This trio of religious obligations expresses in some degree our duty to God, to others and to ourselves. For to give alms is to seek to serve our neighbor, especially the needy. To pray is to seek God’s face and to acknowledge our dependence on him. To fast (that is, to abstain from food for spiritual reasons) is intended at least partly as a way to deny and so to discipline oneself (p. 127).
Tim Keller makes a similar application of biblical triads in a series of three articles on preaching in the Christian Counseling and Educational Foundation’s Journal of Biblical Counseling. Here is an example of his triadic organization:
Faithful, effective preaching embodies three aspects: the Biblical, the Situational, the Personal. A sermon honors God when a man, from his own heart, applies biblical truth to the hearts of his audience.
Let me put it another way. A preacher is effective when he (1) expounds Scriptural truth accurately, (2) adapts his message to the needs and capacities of his audience, and (3) speaks out of a heart on fire with the Holy Spirit.
These three elements make up any effective ministry of the Word: exposition of Scripture, audience adaption, and personal authenticity. (“A Model for Preaching,” Part 1, p 1; see related teachings in Part Two and Part Three).
Note that Stott, Keller and Lewis use the same 3D arrangement, focusing alternately on (to merge their terminology) our “duty to God [the Biblical, relations between man and the power that made him], to others [the situational, relations between man and man], and to ourselves [the personal, things inside each man].”
Frame, Lewis, Stott and Keller are not alone in their triadic teaching. Read Augustine, Luther, Calvin, Spurgeon, or any other noted theologian, and you will soon run into similar three-dimensional teaching as they show us how to develop relationships that reflect the beauty and glory of the Trinity.
Neglect One Leg and You’ll Suffer
A well-built three-legged stool provides a safe place to sit. But if just one of the legs comes loose or is broken, the stool becomes unstable and will soon toss you to the floor.
The same is true of our relationships. If we pay close attention to what God teaches us about the 3D’s of relationships (how to love him, discipline ourselves, and serve others), our lives are typically more stable, peaceful and fulfilling.
But if we neglect just one of these legs—by forgetting God (1 Sam. 12:9), failing to control our own desires (James 4:1-3), or ignoring those in need (1 John 3:17)—our lives are soon characterized by tension, conflict, and brokenness.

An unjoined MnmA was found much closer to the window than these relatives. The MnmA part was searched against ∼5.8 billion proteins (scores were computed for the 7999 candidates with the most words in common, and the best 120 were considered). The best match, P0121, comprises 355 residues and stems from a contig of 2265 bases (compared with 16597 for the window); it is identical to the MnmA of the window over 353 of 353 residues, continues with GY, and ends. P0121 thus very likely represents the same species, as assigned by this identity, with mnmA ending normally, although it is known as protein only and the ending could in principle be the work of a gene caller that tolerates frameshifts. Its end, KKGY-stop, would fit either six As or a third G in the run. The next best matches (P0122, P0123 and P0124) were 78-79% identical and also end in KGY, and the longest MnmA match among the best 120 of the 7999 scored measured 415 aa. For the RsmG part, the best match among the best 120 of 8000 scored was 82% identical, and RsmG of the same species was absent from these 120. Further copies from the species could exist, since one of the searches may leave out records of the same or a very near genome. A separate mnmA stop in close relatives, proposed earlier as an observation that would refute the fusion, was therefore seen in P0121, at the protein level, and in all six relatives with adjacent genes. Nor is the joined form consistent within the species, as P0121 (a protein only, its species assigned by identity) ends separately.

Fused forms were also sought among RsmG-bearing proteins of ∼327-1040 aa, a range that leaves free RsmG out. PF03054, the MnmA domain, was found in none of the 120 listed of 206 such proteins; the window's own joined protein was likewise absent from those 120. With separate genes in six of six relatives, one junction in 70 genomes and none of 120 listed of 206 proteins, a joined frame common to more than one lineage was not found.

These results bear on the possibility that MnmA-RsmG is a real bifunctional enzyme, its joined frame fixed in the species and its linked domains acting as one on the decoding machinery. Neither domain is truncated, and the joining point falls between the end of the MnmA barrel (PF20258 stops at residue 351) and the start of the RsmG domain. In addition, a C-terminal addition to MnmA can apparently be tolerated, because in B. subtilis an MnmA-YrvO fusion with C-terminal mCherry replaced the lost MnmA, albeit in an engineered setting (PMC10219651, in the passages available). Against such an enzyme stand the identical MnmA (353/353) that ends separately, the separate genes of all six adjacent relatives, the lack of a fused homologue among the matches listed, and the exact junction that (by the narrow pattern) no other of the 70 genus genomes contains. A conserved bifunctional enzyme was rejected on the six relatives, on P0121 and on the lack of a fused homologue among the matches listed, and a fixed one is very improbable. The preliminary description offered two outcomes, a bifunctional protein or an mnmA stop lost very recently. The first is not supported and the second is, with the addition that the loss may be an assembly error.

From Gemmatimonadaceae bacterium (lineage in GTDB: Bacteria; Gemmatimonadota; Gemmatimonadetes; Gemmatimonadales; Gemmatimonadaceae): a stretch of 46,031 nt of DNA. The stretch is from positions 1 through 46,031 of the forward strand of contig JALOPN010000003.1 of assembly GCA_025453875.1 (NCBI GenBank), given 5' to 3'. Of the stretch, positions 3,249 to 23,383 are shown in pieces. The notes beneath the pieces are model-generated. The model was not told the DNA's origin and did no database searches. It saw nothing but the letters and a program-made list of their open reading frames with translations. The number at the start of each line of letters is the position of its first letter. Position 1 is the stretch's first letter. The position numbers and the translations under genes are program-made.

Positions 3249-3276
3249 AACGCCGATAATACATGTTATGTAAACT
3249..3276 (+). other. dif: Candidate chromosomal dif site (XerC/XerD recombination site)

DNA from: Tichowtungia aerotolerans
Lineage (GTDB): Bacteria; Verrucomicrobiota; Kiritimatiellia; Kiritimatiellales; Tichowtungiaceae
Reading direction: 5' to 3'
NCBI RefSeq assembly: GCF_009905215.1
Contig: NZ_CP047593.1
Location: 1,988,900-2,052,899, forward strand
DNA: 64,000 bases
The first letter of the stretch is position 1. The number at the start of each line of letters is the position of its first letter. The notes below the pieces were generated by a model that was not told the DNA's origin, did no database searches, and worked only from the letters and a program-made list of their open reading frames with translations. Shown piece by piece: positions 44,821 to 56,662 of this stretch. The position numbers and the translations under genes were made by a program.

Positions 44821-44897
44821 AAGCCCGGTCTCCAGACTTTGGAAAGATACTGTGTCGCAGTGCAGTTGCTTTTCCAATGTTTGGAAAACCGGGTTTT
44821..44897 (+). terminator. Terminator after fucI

This is one of the major deficiencies of the popular psychological concept known as “emotional intelligence” or “EI,” a secular version of relational wisdom. By God’s common grace, many EI researchers and practitioners provide valuable descriptive insights into human neurology and behavior. I myself have learned much from them and recommend many of their books.
But because most of these authors ignore the transcendence of God, the effect of sin, the need for the gospel, and the ministry of the Holy Spirit, EI teaching typically lacks the transformative power of the redemptive and relational teachings God has set forth in Scripture.
From Complexity to Simplicity: the SOG Plan
Three-dimensional … tri-perspectival … transcendence. It can all sound terribly complex, abstract, and irrelevant.
That’s why Corlette and I developed the three-part relational wisdom paradigm, which may be thought of as “tri-persepectival-wisdom.” We want to thoroughly explore these crucial yet complicated theological concepts, use them like pillars grounded on the bedrock of God’s Word, and build on top of them a simple, user-friendly, and practical system that organizes the Bible’s teaching on relationships.
The simplest application of RW is the SOG Plan, which may be summarized as follows: If you want to enjoy stable and rewarding relationships, always seek to be Self-aware, Other-aware, and God-aware (for practical guidance on how to apply this concept, see this post).
Whether you’re digging into the deep theology of tri-perspectivalism or applying the simple steps of the SOG Plan, the goal is always the same: to live out the wisest and most rewarding relational system ever conceived, which is to love God with all your heart, and to love your neighbor as yourself … the same way that Jesus has loved you (Matt. 22:37-39; John 13:34-35).
(For additional insights on the Scriptural roots of relational wisdom, please see Biblical Foundation and Emotions in Christian Anthropology.)
– Ken Sande